Reality content is a uniquely valuable genre. Its low production cost compared to other genres lowers the financial risks of making a new series. This, combined with seemingly endless varieties of reality content create an environment where it is feasible to give even the craziest sounding idea a chance to be the next hit. Look no further than Netflix’s latest attempt, Is It Cake?.
Looking at the most in-demand reality series in the US in March, it is clear how popular competition reality is. RuPaul’s Drag Race was the most in-demand reality series last month with 30.6 times the average series demand. Several other competition reality series like Survivor and American Idol are also among the ten most in demand reality series for the month. Only one romance reality made the top ten - 90 Day Fiancé. The share of demand for romance reality has been shrinking over the past two years as other types of reality content like property reality become more popular.
While the total demand for reality content in the US has grown by 24% since January 2020, demand for Netflix original reality series has grown by over 50% during the same time as the streamer has invested in developing its original offerings in this genre. Netflix original realities like Love is Blind, Indian Matchmaking, and The Circle all premiered in 2020 and have new seasons coming this year.
Love is Blind is an interesting example of Netflix embracing the spinoff potential of the reality genre. Netflix’s global footprint lets it unlock the full value of a franchise with spinoffs like Love is Blind: Japan and Love is Blind: Brazil tailored to local audiences around the world.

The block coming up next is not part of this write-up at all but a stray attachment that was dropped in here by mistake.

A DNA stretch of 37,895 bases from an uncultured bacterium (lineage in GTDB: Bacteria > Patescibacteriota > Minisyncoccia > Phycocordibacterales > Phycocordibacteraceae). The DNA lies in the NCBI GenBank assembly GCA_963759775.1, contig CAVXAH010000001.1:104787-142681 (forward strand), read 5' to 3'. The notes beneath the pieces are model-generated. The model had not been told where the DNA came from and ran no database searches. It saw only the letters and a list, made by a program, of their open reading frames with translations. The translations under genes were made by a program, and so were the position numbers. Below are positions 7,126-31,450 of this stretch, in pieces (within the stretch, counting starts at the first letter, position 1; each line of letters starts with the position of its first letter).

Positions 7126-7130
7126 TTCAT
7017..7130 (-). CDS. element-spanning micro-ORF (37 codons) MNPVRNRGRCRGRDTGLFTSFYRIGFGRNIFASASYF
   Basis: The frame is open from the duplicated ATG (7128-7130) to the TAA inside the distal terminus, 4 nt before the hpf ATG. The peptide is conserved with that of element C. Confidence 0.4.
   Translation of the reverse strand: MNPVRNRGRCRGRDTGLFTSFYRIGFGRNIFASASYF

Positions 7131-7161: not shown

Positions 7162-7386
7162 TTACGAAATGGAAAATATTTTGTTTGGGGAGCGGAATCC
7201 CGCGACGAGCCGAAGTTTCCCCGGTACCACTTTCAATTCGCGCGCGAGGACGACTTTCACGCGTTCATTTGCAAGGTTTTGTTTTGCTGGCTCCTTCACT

Although Netflix is making inroads into the genre with its innovative original reality series, these are a small fraction of all the reality content US viewers have to choose from. Discovery+ is the top dog when it comes to the demand for reality content available on platform. More than a third of demand for reality series available on SVODs in the US is for reality series on Discovery+. The platform has focused on being a specialist in unscripted series drawing on the vast reserves of content from Discovery’s linear channels.
Keeping in mind the upcoming merger of WarnerMedia and Discovery, this chart drives home how complementary the streaming libraries of these two companies are. While Discovery+ is the dominant player in the reality genre, HBO Max hardly dabbles in this genre. Reality series on its platform only account for 3.5% of demand for reality content on SVODs in the US. If the new Warner Bros. Discovery conglomerate were to consider combining or bundling its streaming services they would be bringing together distinct audiences.